One of the scenes created by the research team, depicting a small temple in the surrounds of Angkor Wat. Tom Chandler and Brent McKee (Monash University)

Amazing Reconstruction Shows Daily Life Around Angkor Wat in Remarkable and Beautiful Detail

(Read the article on one page)

A new project called Digital Angkor has reconstructed Angkor Wat and its surrounding environment in exceptional detail, shedding light on what daily life would have been like centuries ago at the ancient temple complex.  The everyday life of virtual Angkor Wat pulses away in real-time on a daily basis in a 3D world projected onto a wall at Monash University's Hargrave-Andrew library in Melbourne, Australia, for a demonstration running until the end of June.

Team Bring Back to Life Ancient Angkor

A virtual visualization of Angkor has become reality. An immense group of animation “geeks” have been taking on Angkor, and last month Tom Chandler, a PhD student at Monash University in Australia , revealed freshly developed animation that imagines ancient Angkor as a living, breathing virtual world. “We've got 25,000 what we call agents. They're little computer people who make very basic decisions about what they do every day. So there'd be certain ways you'd animate modern day Americans or Italians, for instance, versus how Japanese people would interact with each other. And when you're looking at crowds of people, these subtle differences make a big change," an excited Chandler tells ABC News about the ambitious project.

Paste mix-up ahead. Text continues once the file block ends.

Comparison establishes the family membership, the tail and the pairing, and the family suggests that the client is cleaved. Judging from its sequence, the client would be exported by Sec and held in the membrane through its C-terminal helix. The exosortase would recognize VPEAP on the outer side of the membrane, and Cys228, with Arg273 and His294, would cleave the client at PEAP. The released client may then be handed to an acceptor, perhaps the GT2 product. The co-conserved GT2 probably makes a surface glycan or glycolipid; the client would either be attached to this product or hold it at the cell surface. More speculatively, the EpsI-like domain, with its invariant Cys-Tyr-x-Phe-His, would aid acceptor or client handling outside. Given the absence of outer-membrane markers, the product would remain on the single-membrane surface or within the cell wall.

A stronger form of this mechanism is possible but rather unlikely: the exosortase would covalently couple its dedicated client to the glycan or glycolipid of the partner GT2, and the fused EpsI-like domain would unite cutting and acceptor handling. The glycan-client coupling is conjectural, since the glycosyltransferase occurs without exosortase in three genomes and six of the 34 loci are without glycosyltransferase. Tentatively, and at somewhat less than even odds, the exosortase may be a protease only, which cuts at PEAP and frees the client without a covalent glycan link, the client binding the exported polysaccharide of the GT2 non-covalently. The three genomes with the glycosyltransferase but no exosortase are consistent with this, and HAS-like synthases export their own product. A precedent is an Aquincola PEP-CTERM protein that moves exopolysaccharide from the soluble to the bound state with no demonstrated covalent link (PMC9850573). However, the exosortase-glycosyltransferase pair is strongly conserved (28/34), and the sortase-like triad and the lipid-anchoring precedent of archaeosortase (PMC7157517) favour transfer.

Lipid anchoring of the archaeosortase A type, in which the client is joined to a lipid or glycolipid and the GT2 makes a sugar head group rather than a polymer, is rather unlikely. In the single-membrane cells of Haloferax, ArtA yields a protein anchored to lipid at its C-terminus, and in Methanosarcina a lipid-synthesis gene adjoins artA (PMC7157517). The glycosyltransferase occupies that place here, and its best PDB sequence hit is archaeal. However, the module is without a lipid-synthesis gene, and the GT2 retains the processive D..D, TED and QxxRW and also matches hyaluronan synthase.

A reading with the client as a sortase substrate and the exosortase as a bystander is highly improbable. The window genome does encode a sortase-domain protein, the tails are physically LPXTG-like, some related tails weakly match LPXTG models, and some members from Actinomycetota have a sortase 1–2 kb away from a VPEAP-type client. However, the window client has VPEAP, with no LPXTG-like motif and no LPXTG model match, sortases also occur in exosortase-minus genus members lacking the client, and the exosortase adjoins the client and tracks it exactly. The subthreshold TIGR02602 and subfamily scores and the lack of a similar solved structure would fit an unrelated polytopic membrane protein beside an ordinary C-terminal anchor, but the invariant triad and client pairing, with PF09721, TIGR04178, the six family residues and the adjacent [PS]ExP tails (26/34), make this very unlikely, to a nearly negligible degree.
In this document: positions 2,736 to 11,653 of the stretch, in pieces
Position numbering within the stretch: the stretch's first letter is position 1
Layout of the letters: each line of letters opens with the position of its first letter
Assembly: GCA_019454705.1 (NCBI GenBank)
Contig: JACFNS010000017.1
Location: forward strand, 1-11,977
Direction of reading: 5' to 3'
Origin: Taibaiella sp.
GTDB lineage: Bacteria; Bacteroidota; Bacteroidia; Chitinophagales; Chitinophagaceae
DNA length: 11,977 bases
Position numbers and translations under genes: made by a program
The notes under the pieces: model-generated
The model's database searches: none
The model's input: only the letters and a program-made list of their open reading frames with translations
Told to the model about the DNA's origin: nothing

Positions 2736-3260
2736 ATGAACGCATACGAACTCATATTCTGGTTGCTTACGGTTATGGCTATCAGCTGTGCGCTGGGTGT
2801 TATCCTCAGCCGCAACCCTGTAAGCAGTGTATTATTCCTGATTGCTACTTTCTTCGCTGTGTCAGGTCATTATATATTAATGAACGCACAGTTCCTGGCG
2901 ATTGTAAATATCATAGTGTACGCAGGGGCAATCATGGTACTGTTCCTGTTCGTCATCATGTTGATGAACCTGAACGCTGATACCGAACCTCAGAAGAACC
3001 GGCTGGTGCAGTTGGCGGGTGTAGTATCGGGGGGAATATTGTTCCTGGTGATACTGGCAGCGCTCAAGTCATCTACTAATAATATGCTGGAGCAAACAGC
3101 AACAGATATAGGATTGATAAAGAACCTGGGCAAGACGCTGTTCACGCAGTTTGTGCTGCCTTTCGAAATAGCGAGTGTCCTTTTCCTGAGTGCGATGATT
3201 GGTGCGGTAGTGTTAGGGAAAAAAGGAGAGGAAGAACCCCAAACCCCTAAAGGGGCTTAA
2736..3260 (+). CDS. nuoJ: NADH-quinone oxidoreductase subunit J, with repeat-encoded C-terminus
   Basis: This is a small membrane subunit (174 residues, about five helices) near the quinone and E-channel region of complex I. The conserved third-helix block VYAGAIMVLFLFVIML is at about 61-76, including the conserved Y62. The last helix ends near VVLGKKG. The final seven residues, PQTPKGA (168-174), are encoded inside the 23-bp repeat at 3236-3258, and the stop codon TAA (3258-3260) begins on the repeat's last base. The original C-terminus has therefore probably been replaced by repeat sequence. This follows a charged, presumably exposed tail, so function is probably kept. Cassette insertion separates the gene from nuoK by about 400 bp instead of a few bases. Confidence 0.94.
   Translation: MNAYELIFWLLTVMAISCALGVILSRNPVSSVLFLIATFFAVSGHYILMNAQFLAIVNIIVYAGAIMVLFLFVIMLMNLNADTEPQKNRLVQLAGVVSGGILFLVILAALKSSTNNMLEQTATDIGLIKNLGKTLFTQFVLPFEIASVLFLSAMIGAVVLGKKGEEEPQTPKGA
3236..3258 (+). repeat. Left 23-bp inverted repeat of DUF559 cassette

Stone sculpture workshop in the early Angkor Period. Tom Chandler and Brent McKee (

Stone sculpture workshop in the early Angkor Period. Tom Chandler and Brent McKee (Monash University), Martin Polkinghorne (Univeristy of Sydney)

3-D Scenes Draw Upon a Wide Range of Archaeological and Historical Data

So how did it all get started? Chandler “borrowed” studies and maps from some of the most decorated archaeologists and went on to develop Angkor into a three-dimensional landscape with people, animals, temples and vegetation resembling what they may have looked like in ancient times.  Chandler studied fine arts and archaeology, which helped him with this project. Additionally, Chandler is constantly improving the virtual world by changing the information given to the computer, depending on the kind of input he gets from archaeologists – such as the color of the temples for example – in order to represent a virtual world as realistically and historically accurate as possible.